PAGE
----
Not only is the operator able to gain greater effect from his shooting, but his ability to keep the weapon in-service has been addressed by a simple mechanism that is not only easy to learn, but markedly easier to field strip and clean than any other mechanism. This also means shorter training cycles, longer retention of the operator’s efficiency along with higher operational availability of weapon and operator and lower operating costs.
    kriss_camo_bkgnd.jpg
  • Portability of design: The KRISS technology can be easily adapted to any size caliber and any type of platform. Thus, KRISS becomes a highly efficient system that provides significant operating benefits in a multitude of applications. This will significantly reduce training and maintenance cycles.
  • Cost-effectiveness: With extensive production analysis work done and with simplicity a design requirement, TDI believes that weapons using the KRISS technology will be highly cost efficient in production quantities due to the elegant simplicity of the mechanism and its fewer moving parts.
Where the KRISS Super V™ is Today
kriss_tac_shooter.jpg
The KRISS System technology is fully documented, as are all testing results. If you are a manufacturer, the technology is available for licensing today, either for application to your own product lines, development of new weapons or adoption of the KRISS Super V Vector SMG.
If your interest lies in purchasing the KRISS Super V Vector SMG, we would be happy to discuss production, pricing and delivery options once we have a full understanding of your specific requirements.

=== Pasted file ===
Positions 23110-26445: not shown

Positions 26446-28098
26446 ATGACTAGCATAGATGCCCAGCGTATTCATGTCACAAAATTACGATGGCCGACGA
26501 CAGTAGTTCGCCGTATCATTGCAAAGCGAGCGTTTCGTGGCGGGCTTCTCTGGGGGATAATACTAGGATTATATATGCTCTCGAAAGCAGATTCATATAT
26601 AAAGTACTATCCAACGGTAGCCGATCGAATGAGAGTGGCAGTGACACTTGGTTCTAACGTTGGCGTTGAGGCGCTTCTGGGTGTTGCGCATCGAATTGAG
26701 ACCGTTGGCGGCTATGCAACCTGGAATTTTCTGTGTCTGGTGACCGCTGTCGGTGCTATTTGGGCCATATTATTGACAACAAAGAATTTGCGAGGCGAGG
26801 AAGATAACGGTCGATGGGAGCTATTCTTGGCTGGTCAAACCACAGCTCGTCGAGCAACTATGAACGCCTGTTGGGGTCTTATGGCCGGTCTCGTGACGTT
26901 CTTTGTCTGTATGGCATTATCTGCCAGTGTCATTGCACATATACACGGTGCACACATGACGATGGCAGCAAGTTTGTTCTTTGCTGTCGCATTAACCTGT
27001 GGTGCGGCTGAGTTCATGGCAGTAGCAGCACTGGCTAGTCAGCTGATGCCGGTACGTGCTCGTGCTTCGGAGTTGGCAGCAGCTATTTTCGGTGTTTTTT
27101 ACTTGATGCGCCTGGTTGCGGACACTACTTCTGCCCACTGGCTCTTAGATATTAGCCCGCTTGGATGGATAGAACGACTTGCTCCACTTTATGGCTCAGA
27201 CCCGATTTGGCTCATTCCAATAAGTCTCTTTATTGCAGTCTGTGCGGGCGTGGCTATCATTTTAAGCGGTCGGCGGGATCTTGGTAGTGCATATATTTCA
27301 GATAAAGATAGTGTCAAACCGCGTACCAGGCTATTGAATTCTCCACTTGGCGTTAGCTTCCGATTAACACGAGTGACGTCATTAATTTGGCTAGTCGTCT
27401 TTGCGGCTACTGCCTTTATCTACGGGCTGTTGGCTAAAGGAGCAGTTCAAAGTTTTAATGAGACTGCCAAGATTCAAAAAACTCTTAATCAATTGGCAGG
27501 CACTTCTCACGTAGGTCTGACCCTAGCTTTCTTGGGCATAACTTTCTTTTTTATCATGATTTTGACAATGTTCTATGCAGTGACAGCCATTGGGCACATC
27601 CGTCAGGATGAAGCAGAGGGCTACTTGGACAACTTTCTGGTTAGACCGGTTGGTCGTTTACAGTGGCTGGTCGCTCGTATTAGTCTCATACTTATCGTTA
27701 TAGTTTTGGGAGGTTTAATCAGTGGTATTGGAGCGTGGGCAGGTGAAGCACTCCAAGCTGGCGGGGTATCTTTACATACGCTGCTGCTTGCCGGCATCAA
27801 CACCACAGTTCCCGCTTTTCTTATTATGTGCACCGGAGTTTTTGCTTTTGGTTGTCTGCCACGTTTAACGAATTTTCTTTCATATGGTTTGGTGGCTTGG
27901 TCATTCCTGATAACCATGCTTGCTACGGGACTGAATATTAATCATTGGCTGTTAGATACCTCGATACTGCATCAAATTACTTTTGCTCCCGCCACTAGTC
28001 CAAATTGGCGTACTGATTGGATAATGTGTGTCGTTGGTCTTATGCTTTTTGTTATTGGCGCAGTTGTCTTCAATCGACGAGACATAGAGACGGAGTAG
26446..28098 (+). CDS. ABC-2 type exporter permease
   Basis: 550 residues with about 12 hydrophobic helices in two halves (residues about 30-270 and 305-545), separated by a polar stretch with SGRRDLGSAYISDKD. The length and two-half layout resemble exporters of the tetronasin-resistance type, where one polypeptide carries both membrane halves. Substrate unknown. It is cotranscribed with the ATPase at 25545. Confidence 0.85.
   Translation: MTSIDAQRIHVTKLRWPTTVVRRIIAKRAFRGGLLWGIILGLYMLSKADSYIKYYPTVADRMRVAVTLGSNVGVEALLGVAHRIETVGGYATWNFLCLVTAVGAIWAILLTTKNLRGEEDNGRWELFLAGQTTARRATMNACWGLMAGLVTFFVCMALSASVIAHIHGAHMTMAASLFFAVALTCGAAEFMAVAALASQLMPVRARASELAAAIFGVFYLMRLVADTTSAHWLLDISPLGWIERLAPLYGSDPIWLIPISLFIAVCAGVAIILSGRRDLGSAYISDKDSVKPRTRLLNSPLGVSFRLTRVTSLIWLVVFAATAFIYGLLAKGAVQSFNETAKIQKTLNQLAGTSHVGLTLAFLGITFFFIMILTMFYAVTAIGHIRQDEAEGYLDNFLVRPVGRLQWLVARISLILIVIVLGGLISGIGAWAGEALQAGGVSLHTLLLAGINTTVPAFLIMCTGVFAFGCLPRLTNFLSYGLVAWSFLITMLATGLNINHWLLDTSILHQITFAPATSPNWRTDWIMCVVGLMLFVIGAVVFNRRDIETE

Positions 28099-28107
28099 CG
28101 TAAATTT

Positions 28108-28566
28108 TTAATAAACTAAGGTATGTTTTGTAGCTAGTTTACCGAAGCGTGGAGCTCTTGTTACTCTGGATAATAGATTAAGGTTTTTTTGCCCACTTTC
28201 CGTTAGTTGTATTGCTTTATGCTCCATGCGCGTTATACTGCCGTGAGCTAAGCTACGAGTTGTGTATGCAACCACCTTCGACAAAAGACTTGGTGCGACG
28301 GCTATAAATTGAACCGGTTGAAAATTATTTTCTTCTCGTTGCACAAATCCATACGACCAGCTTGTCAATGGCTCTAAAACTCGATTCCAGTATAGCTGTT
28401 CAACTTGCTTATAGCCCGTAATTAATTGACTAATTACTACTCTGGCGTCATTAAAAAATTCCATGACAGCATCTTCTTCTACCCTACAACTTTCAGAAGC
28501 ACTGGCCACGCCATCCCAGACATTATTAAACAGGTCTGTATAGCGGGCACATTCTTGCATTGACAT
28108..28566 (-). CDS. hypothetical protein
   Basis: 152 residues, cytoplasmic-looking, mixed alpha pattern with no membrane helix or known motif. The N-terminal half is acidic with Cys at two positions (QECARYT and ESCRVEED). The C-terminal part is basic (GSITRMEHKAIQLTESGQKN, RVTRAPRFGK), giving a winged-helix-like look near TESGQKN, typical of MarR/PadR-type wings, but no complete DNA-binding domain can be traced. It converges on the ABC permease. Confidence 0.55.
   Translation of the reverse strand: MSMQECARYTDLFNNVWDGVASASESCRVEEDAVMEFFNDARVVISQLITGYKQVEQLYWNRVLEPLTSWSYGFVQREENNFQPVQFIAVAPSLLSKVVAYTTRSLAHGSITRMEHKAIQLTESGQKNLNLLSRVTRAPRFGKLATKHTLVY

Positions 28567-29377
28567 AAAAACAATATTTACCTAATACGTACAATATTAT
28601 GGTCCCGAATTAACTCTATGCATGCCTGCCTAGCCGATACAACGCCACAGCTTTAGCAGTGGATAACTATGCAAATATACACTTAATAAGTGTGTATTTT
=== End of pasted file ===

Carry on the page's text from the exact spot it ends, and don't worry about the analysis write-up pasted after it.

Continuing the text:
Whether your interest is to license the KRISS System and integrate into your own product offerings or to produce or purchase the KRISS Super V Vector SMG, TDI is ready and willing to be a high value-added partner to your enterprise. To find out more please contact: Mr. Andrew Finn

Links:
 

The91Bravo

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In a van, down by the river...
Now that is a hot looking shootin iron...

I did not hit the links, but are any licenses being produced yet??

If so, are they LE/MIL or civilian??

I would like to test fire one...

thanks for the story
 

RackMaster

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They have a civilian variant apparently. ;)
http://www.kriss-tdi.com/component/option,com_performs/Itemid,21/


Interested in purchasing a KRISS weapon?


If you're lucky enough to live in one of the 38 folding stock States, you have the chance to own one of the very few KRISS Vector CRB/SO's that will be available in 2008. Once these are sold, we will not build any more.

We expect to sell out of these CRB/SO's very quickly, so if you haven't already, please provide us with your contact information below so that you may be placed on our Priority Waiting List. We'll keep your request in date-received order and will keep you posted on our final shipping and pricing information as it becomes available. Please fill out the form below completely; we'll have to reject those that are incomplete. Note that since we are not accepting or requiring a paid deposit, joining our Waiting List does not constitute a contract to sell you a weapon and TDI reserves the right to cancel or otherwise withdraw the Waiting List at any time and at its sole discretion.

We're delighted by your continued interest and we'll be back with your shortly.
 
F

Firosche

Guest
I think that it would be a great asset to SWAT teams and other law enforcement agencies. I don't know if the military would pick this thing up or not.
 

Cabbage Head

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I will add this one to the list of "have to go to at the SHOT Show".

If I dont get too overwhelmed then I will have info to post Friday when I get back.

Unless I win a ton of cash, then you all have to wait till I am sitting on a lounge drinking a fruity drink with umbrella on a beach anywhere warmer than Chicago!!!!
 

phridum

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I still dunno really...

It is obviously much more controllable than other full auto SMG's, but is there as real of a need as they are saying in that video? Handing out these full auto weapons may end up causing more damage than life saving...